Abstract: KJ is a 15-year-old boy. About a year ago he lost his appetite, felt dizzy and had double vision. Brain imaging showed a 3.8 x 3.7 cm mass in the pineal region and a 1.3 cm mass in the supra-sellar region. There were multiple and varying size lesions along the lining of the lateral ventricles (CSF metastases). There was severe hydrocephalus due to obstruction at aqueduct of Sylvius. KJ’s problem was diagnosed as extensive pineal gland germinoma with hypopituitarism and diabetes insipidus. The doctors suggested chemotherapy and radiotherapy but KJ’s parents refused further medical treatment.
Chris K. H. Teo & Ch’ng Beng Im-Teo
CA Care, 5 Lebuhraya Gelugor, 11600 Penang, Malaysia.
Declaration of Interest: The authors are practising herbalists as such have financial interest in the use of herbs mentioned in this article. CA Care records its sincere thanks to Dr. Adrian Larsen, President of Miridia Technology Inc., USA, for his generosity in donating a unit of AcuGraph 4 for our research at CA Care. We receive no financial incentive whatsoever from Miridia Technology for writing this article. Consultation and acugraphing at CA Care are provided to cancer patients free of charge.
Copyright: This is an open-access journal and the reproduction of this article in any medium for educational purposes is allowed provided the original work is properly cited. The use of this article for commercial purposes, however, requires our prior permission.
There are three types of brain tumours:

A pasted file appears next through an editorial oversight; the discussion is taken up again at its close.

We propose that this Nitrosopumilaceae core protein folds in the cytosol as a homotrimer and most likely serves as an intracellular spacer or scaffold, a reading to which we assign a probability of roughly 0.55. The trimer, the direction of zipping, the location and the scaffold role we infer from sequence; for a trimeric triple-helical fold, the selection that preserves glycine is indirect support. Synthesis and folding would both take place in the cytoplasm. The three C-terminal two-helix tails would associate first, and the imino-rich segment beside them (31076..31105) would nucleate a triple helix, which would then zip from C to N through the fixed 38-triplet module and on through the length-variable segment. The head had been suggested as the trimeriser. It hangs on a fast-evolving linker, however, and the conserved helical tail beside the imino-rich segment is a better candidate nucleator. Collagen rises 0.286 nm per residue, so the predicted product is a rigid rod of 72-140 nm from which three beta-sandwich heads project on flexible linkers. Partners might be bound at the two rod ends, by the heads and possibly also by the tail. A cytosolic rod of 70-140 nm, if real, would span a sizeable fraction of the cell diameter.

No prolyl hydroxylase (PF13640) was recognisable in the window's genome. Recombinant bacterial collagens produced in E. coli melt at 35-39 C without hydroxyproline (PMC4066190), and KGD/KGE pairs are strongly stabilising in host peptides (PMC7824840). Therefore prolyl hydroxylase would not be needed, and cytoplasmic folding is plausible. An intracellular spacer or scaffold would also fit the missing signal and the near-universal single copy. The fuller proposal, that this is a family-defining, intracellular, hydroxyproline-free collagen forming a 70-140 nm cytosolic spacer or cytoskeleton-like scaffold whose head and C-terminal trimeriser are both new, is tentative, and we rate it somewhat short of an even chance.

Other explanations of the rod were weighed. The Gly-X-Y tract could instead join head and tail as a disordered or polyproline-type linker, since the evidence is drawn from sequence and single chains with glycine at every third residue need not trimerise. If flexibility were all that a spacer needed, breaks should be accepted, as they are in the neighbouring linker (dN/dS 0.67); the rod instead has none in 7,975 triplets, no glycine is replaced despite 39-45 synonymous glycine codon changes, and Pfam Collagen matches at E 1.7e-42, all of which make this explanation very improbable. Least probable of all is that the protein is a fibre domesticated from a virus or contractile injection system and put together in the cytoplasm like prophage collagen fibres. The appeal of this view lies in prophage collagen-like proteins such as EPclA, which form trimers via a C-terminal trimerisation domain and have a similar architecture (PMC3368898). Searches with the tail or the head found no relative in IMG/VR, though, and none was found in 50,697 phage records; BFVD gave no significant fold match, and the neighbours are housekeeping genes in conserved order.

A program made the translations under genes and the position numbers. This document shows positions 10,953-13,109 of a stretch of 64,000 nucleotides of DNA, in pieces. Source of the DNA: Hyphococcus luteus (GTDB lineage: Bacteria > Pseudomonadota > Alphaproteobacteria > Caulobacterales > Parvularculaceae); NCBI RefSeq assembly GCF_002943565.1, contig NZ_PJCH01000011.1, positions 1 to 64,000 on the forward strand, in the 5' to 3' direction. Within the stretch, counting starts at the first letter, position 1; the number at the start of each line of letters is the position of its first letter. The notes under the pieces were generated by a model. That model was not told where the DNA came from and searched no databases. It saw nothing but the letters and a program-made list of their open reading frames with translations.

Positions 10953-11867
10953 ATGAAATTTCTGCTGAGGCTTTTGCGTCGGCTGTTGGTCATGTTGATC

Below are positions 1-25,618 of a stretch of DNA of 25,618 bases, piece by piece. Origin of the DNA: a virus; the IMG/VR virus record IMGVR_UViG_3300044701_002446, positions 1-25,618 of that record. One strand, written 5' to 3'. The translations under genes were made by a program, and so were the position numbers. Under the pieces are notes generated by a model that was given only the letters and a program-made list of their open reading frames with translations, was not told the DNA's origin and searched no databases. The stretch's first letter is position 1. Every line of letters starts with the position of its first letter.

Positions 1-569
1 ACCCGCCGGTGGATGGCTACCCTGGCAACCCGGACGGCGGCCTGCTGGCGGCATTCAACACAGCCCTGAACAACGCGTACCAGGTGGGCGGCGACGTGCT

- Benign brain tumours – they consist of harmless cells and have distinct boundaries. Surgery may be able to cure this type of tumours. Examples of benign tumours are hemangiomas, gangliogliomas and meningiomas.
- Malignant brain tumours – they consist of cancerous cells. This type of cancers is said to be the most devastating, feared and lethal of cancers that affect human. Most of these tumours are classisifed as gliomas.
- Metastatic brain tumours – they are much more common in adults. Metastatic brain cancers spread from other organs of the body to the brain, e.g., spread from the lungs.
Brain cancers occur in both children and adults between ages 50 to 60.
The second most common cause of cancer death in children up to 15 years old is due to brain cancers. This represented about 20% of cancers in children. It is also the second most common cause of cancer death in people ages 15 to 34. Brain cancer is the third most common cause of cancer death in males ages 35 to 54.
Unfortunately, the incidence of brain cancers is increasing. Even though brain cancers seldom spread to other parts of the body, they do cause a lot of damage. The cause of primary brain cancers is unknown.
KJ (H477) is a 15-year-old boy. About a year ago he lost his appetite, felt dizzy and had double vision. Brain imaging done on 3 November 2010 showed a 3.8 x 3.7 cm mass in the pineal region and a 1.3 cm mass in the supra-sellar region. There were multiple and varying size lesions along the lining of the lateral ventricles (CSF metastases). There was severe hydrocephalus due to obstruction at aqueduct of Sylvius.
Figure 1: Brain scans of KJ
KJ’s problem was diagnosed as extensive pineal gland germinoma with hypopituitarism and diabetes insipidus.